Rae Ellen Bichell appears in the following:
Wednesday, August 15, 2018
When firefighting teams are sent out to wildfires, they are often accompanied by an incident meteorologist who watches weather conditions. We profile one such meteorologist out of Pueblo, Colo.
Friday, April 20, 2018
How do we accurately forecast the amount of water that will be available any given year? It's not easy. But some Colorado scientists think they're onto a possible solution — inspired by Pokemon.
Monday, April 16, 2018
Public records show a 2016 report on climate change and sea level rise by a University of Colorado researcher has been heavily edited to remove all references to human-induced climate change.
Sunday, July 30, 2017
Coloradans can get arrested for driving while stoned. But with no good roadside tools, officers' determinations are more subjective than for alcohol DUIs. Scientists hope to find chemical markers.
Thursday, July 27, 2017
The words "strong" and "inspiring" are not usually assigned to garden slugs. But slug slime inspired materials scientists to invent a new kind of adhesive that could one day help heal human wounds.
Thursday, July 06, 2017
NASA plans to send people to the Red Planet in the 2030s. In the meantime, a remote location in southern Utah serves as a non-NASA training ground for the Mars-minded.
Saturday, July 01, 2017
People are dumping corpses in the high desert of western Colorado. But those unloading bodies aren't criminal masterminds. They're scientists. And out here, the usual rules of human decay don't apply.
Thursday, June 29, 2017
In medieval times, they called it "the black death." It's still around, routinely cropping up in the U.S. This time, the New Mexico Department of Health reports three cases.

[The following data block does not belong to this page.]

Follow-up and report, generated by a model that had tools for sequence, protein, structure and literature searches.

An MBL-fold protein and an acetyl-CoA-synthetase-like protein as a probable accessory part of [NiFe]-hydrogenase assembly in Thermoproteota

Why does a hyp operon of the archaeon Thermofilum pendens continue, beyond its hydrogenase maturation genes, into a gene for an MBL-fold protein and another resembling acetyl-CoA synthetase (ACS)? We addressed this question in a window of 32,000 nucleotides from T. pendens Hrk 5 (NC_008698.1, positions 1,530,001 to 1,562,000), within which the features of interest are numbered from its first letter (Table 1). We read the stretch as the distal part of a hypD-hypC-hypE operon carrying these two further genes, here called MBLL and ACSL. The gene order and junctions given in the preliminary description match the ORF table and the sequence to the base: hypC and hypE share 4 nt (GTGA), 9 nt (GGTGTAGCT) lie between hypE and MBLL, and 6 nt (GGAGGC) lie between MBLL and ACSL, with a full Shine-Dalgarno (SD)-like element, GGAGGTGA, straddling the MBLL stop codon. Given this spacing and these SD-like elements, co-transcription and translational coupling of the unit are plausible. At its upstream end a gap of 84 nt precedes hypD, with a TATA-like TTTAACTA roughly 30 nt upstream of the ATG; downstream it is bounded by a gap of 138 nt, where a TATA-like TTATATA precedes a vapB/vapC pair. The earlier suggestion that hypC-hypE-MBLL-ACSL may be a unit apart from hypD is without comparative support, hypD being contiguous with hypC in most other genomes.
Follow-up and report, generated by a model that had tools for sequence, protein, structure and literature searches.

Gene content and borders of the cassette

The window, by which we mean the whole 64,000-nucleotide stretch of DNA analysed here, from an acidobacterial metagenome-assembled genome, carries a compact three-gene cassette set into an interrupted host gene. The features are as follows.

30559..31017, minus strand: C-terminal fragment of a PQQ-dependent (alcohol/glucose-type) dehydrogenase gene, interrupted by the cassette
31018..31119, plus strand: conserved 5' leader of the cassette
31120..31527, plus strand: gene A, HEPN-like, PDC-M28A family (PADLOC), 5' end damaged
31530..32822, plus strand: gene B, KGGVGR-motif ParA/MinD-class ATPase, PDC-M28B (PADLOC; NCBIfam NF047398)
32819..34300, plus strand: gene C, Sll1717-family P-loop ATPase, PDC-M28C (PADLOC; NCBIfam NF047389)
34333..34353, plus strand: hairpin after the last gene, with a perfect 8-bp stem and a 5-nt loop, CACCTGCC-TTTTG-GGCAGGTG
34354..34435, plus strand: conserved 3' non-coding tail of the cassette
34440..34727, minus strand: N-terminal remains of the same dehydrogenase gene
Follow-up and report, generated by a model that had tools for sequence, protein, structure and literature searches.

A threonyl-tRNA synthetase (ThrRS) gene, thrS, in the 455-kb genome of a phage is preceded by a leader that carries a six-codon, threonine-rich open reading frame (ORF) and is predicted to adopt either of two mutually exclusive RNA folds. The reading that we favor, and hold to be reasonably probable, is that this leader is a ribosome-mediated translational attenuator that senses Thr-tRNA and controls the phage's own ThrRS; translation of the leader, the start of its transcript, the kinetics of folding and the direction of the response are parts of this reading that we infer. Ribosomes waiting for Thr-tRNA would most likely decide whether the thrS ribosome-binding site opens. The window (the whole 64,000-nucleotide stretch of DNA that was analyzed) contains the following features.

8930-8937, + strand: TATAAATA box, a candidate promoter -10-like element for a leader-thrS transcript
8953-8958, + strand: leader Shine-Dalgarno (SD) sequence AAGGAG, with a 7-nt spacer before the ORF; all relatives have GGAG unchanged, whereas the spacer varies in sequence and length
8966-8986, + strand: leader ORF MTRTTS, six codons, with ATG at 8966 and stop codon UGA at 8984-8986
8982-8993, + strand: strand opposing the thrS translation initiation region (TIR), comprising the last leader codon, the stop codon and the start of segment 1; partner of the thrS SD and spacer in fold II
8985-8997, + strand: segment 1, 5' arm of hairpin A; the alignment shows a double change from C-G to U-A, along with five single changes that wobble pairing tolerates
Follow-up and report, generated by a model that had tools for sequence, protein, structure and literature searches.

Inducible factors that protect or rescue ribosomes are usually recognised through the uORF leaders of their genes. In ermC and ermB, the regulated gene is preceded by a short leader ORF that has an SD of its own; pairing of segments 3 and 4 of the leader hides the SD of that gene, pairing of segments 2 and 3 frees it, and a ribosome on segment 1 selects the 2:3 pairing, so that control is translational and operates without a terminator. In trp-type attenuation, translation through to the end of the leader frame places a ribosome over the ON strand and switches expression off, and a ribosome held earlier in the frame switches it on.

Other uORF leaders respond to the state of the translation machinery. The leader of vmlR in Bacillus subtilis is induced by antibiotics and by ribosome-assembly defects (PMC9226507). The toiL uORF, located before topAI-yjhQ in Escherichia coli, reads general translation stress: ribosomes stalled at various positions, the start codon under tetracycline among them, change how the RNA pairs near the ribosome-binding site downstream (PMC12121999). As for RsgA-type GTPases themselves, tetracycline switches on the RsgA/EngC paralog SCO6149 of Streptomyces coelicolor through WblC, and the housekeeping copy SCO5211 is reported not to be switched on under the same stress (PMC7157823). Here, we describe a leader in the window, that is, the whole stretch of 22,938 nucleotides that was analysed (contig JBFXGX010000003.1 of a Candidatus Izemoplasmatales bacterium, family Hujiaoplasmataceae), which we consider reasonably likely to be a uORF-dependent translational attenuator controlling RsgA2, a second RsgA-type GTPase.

Monday, June 19, 2017
Twenty years. That's how long two grad students, Sonia Vallabh and Eric Minikel, think they have before a deadly disease envelops Sonia's brain. The Massachusetts couple is now racing to find a cure.
Monday, June 19, 2017
Sonia Vallabh knows that by the time she's middle-aged, a rare inherited disease will likely start killing off her brain cells. She and her husband have become scientists to try to stop the disease.
Wednesday, May 31, 2017
The small spacecraft is set to hurtle toward the sun at about 450,000 miles per hour. Scientists hope it will clear up some big mysteries, such as why the sun's atmosphere is hotter than its surface.
Thursday, April 20, 2017
The hairless, ground-dwelling, cold-blooded rodents have proven capable of surviving total oxygen deprivation. Their odd biology allows them to run on an alternative fuel.
Wednesday, April 19, 2017
Researchers found that a protein in human umbilical cord plasma improved learning and memory in older mice, but there's no indication it would work in people.
Thursday, April 13, 2017
Eels sometimes swim thousands of miles from their birthplace in the Atlantic to rivers and lakes where they live. Researchers say the creatures might use the Earth's magnetic field to find their way.
Thursday, April 06, 2017
They're the Godzillas of the virus world, pushing the limit of what is considered alive. Researchers are trying to figure out where they came from. (And no, they aren't known to make people sick.)
Tuesday, March 28, 2017
Researchers following a group of New Zealanders over the course of 40 years found an association between childhood lead exposure and declines in intelligence and socioeconomic status later in life.
Tuesday, March 14, 2017
Meet Kate Rubins, a virus-hunter turned astronaut. When she sequenced DNA in space for the first time, she opened the door to a new era in space biology.
Wednesday, March 08, 2017
After six weeks of training, people could memorize twice as much. Areas of the brain had begun communicating in new ways — a lot like what happens inside the heads of world memory champions.
Tuesday, March 07, 2017
They don't have wings, but bacteria sure can fly. Researchers at MIT say that tiny bubbles trapped by raindrops play a part in launching bacteria on long-distance flights.
Friday, March 03, 2017
U.S. emissions of smog-forming pollutants have dropped, but smog levels in the western U.S. have increased each year. Now, researchers say, they've found out why — it's wafting from across the Pacific Ocean.